"I got an offer from South West Africa Veterinary Services. It wasn't my line but I was ready for a new challenge. But I was scared because of what I had heard about apartheid, and I found it hard to see the white people who were born here, living here for many generations and taking it for granted that black people were servants. I also saw situations in the laboratory which I found inhuman and which I challenged. But there were also positive experiences, meeting people who supported the struggle against apartheid and for independence."

In 1976 Bertchen moved to the North with her fiance, working for Water Affairs in Oshakati. There she witnessed some of the atrocities of the South African army against people who broke the curfew. "I got to know and respect those they called 'terrorists' as freedom fighters, and this may be the reason why my partner and I were given 24 hours notice to leave Owamboland a year later. I was sad to leave this beautiful place with its forests, large herds of cattle, friendly people and clean environment, there was none of the degradation that we see today."

The couple married and moved to South Africa, but divorced some years later. The intensity of the anti-apartheid struggles there led Bertchen to return to Germany, "but I wasn't happy there, I never unpacked more than my clothes, and in 1988 I returned to Namibia and got my job back at Veterinary Services. I will never forget the excitement and joy we experienced at Independence in 1990, there was no black or white at that time."

Bertchen attended a meeting on environmental issues held in Katutura that year, out of which Earthlife Namibia was born. "I'm the only one left from that time, members have come and gone for different reasons. We often have short term members who come from different countries and share their ideas and experiences with us--environmental issues are global! But we are also trying to involve more Namibians in our work. It's difficult because it's voluntary work that we do in our free time, we don't have funds to pay people. I think the feeling for volunteer work is not really a Namibian issue yet which I find regrettable. We have so many unemployed people; if some of them would be willing to volunteer their time they would gain valuable experience that might open doors to paid work somewhere else. But I know that lack of money for transport is also a problem."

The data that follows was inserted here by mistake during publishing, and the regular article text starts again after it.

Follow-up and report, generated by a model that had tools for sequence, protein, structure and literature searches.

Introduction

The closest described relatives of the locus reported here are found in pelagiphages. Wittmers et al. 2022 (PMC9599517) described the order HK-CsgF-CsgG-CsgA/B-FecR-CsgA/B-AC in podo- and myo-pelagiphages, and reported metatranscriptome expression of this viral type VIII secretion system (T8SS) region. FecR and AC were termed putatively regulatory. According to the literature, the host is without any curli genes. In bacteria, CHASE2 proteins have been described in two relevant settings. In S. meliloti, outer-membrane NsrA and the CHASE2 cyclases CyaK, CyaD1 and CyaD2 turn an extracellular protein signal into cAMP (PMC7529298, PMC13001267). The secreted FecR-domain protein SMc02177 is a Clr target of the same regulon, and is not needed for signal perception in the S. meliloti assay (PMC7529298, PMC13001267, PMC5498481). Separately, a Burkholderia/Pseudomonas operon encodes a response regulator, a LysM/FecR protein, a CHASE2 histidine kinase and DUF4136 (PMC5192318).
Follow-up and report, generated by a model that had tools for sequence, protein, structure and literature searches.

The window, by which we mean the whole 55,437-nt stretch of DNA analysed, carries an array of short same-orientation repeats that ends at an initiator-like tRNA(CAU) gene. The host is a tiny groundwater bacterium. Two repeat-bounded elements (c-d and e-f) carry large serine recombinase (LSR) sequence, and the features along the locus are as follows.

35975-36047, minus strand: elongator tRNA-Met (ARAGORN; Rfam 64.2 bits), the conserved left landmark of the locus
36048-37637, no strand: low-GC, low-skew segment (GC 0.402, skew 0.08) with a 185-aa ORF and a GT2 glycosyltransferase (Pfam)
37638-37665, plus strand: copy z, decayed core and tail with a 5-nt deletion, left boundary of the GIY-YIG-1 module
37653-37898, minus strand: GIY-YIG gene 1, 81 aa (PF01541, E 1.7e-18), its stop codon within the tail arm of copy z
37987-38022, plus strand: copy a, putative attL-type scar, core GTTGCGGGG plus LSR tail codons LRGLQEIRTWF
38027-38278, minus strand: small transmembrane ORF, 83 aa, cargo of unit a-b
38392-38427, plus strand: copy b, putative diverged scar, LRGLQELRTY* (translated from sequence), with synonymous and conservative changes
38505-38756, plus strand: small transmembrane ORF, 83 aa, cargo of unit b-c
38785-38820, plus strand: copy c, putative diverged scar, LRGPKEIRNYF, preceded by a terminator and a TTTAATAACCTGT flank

However, Bertchen believes that it is not only for the above reasons that Earthlife Namibia is still a small group. "In Namibia we have a culture of fear. Politicians try to intimidate us through threats and personal attacks to protect their own short term gain. I often ask myself, do they have children, do they have grandchildren? What do they think about future generations--aren't they worried about their well being and what they will inherit from us?

"Seventy percent of our population is in some way working in agriculture. They can see with their own eyes what is being done to our country. They see the desertification. They see the erosion. They see the deforestation and they have their own ideas about how we could protect the environment. We need the civil courage to speak out before it is too late, because the environment is linked to everything. It is the most precious thing we have and we have to keep it in balance."

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Title Annotation:Earthlife Namibia
Author:Frank, Liz
Publication:Sister Namibia
Article Type:Cover Story
Geographic Code:6NAMI
Date:Oct 1, 2005